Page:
I had hoped to be posting my review of The Omnivore’s Dilemma by now, but I’ve been a bit sidetracked by a calculation that’s just been begging to be done.
Michael Pollan writes that Polyface Farm produces what looks “an awful lot like the proverbially unattainable free lunch” (127). I’ve pointed out before that Polyface does use feed grains from other farms. What I want to look at is how Polyface’s animal product output might compare to using those grains to feed people. Because of the quality of the data, this calculation will unfortunately be only back-of-the-envelope quality, but I hope that it will still have some value.
I’ll first look at the grain used to feed Salatin’s broilers. The most recent printing of The Omnivore’s Dilemma states (page 222) that Salatin raises 12,000 broilers each year. (The productivity numbers in earlier printings were different. In fact, my copy even has different numbers in two different places.) According to Salatin’s Pastured Poultry Profit$, the broilers have a carcass weight of 4 pounds, and the chickens require 3 pounds of feed for each pound of carcass weight (page 185). That comes out to 144,000 pounds of feed each year. Salatin writes that he uses a feed consisting of 52% corn, 29% roasted soybeans, 11% crimped oats, and the rest consisting of fish meal, kelp and nutritional supplements. Since I’d like my estimate of the energy content of the feed to be conservative, I’ll ignore the calorie content of everything but the grains. Unfortunately, I wasn’t able to find good data for calorie content of feed grains, so I’ll be using data for food-grade grains. Using USDA data for corn, soy, and oats, one finds that a mixture of 0.52 pounds of corn, 0.29 pounds of soybeans, and 0.11 pounds of oats contains a little over 1700 calories. That comes out to 244,800,000 calories in the feed grain.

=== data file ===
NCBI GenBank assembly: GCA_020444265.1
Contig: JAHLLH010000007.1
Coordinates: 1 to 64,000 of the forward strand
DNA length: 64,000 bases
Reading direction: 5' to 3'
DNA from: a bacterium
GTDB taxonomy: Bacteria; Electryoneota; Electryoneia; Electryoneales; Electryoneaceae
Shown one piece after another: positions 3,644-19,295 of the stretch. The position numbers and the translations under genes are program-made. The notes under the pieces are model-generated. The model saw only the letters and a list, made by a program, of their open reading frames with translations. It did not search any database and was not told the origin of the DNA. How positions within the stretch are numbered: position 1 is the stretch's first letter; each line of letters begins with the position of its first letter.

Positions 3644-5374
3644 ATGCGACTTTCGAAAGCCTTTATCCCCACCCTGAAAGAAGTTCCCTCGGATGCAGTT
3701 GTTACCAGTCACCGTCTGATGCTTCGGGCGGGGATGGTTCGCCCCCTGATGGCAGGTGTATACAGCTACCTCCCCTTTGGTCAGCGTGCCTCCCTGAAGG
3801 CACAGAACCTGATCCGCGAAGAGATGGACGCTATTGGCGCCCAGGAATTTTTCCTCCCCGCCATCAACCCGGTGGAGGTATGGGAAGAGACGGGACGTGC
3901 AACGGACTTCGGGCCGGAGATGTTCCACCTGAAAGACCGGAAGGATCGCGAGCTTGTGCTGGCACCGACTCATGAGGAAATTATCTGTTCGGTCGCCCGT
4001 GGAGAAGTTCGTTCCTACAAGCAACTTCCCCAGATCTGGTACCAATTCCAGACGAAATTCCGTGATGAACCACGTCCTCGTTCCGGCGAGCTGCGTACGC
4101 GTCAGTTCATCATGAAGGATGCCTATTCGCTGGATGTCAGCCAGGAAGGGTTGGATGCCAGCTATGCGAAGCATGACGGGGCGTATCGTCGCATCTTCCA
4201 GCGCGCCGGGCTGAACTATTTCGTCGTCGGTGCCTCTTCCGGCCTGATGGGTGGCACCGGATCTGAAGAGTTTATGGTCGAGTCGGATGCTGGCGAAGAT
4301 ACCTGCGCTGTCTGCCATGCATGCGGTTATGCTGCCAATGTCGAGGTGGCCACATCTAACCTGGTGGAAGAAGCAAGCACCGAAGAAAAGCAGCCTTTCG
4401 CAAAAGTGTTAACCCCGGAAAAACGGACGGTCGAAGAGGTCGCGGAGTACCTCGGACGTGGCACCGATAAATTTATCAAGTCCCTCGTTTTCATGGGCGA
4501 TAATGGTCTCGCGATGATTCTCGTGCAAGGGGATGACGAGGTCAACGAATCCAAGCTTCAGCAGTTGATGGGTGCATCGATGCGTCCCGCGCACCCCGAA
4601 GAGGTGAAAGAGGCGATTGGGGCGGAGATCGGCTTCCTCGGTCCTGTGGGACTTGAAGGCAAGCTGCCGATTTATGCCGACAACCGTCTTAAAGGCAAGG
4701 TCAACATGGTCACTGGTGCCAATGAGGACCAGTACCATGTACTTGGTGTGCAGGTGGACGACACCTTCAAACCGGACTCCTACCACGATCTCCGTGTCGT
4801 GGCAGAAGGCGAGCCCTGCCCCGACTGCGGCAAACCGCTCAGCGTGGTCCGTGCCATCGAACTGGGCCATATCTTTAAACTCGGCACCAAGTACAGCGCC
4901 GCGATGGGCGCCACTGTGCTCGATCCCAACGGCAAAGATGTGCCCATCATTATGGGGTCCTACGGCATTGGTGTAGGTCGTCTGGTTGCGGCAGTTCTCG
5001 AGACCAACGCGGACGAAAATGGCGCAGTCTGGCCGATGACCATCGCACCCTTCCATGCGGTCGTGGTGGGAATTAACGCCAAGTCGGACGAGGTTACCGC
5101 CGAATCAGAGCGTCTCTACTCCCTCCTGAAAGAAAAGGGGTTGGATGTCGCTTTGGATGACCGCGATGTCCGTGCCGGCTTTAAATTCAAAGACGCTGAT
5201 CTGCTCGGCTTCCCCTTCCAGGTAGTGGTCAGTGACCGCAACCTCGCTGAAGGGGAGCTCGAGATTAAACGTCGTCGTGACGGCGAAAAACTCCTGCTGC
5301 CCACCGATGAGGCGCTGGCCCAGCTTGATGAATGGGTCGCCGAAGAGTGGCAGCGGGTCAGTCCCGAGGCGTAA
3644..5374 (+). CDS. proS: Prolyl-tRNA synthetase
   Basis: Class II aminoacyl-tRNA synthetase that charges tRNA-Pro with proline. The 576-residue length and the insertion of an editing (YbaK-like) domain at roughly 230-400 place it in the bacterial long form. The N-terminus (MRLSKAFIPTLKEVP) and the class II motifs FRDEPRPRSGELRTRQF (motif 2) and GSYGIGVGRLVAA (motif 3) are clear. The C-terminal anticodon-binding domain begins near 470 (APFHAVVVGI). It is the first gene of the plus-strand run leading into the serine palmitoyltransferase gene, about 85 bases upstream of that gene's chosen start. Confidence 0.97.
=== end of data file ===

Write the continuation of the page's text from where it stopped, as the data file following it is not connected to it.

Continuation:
Now what about the productivity of Salatin’s farm? Here things get pretty tricky. There are several different kinds of animals, and each has several different kinds of meat with different calorie densities. For rabbits, I wasn’t able to find any useful data on carcass weights. Regardless, here is the calculation in tabular form. (References are at the end of the post. Where no reference is given, the source is the version of The Omnivore’s Dilemma available on Google Books.)
|Food||Quantity||Energy density||Total Energy (Cal)|
|Beef||25,000 lb||1163 Cal/lb 1||29,075,000|
|Pork||50,000 lb||1062 Cal/lb 1||53,100,100|
|Broiler hens||48,000 lb 2||615 Cal/lb 1||29,540,136|
|Stewing hens||2,400 lb 3||615 Cal/lb 4||1,476,000|
|Turkeys||12,000 lb5||541 Cal/lb 1||6,492,000|
|Rabbits||5,000 lb 6||617 Cal/lb 7||3,085,000|
|Eggs||360,000 eggs||135 Cal/egg 8||48,600,000|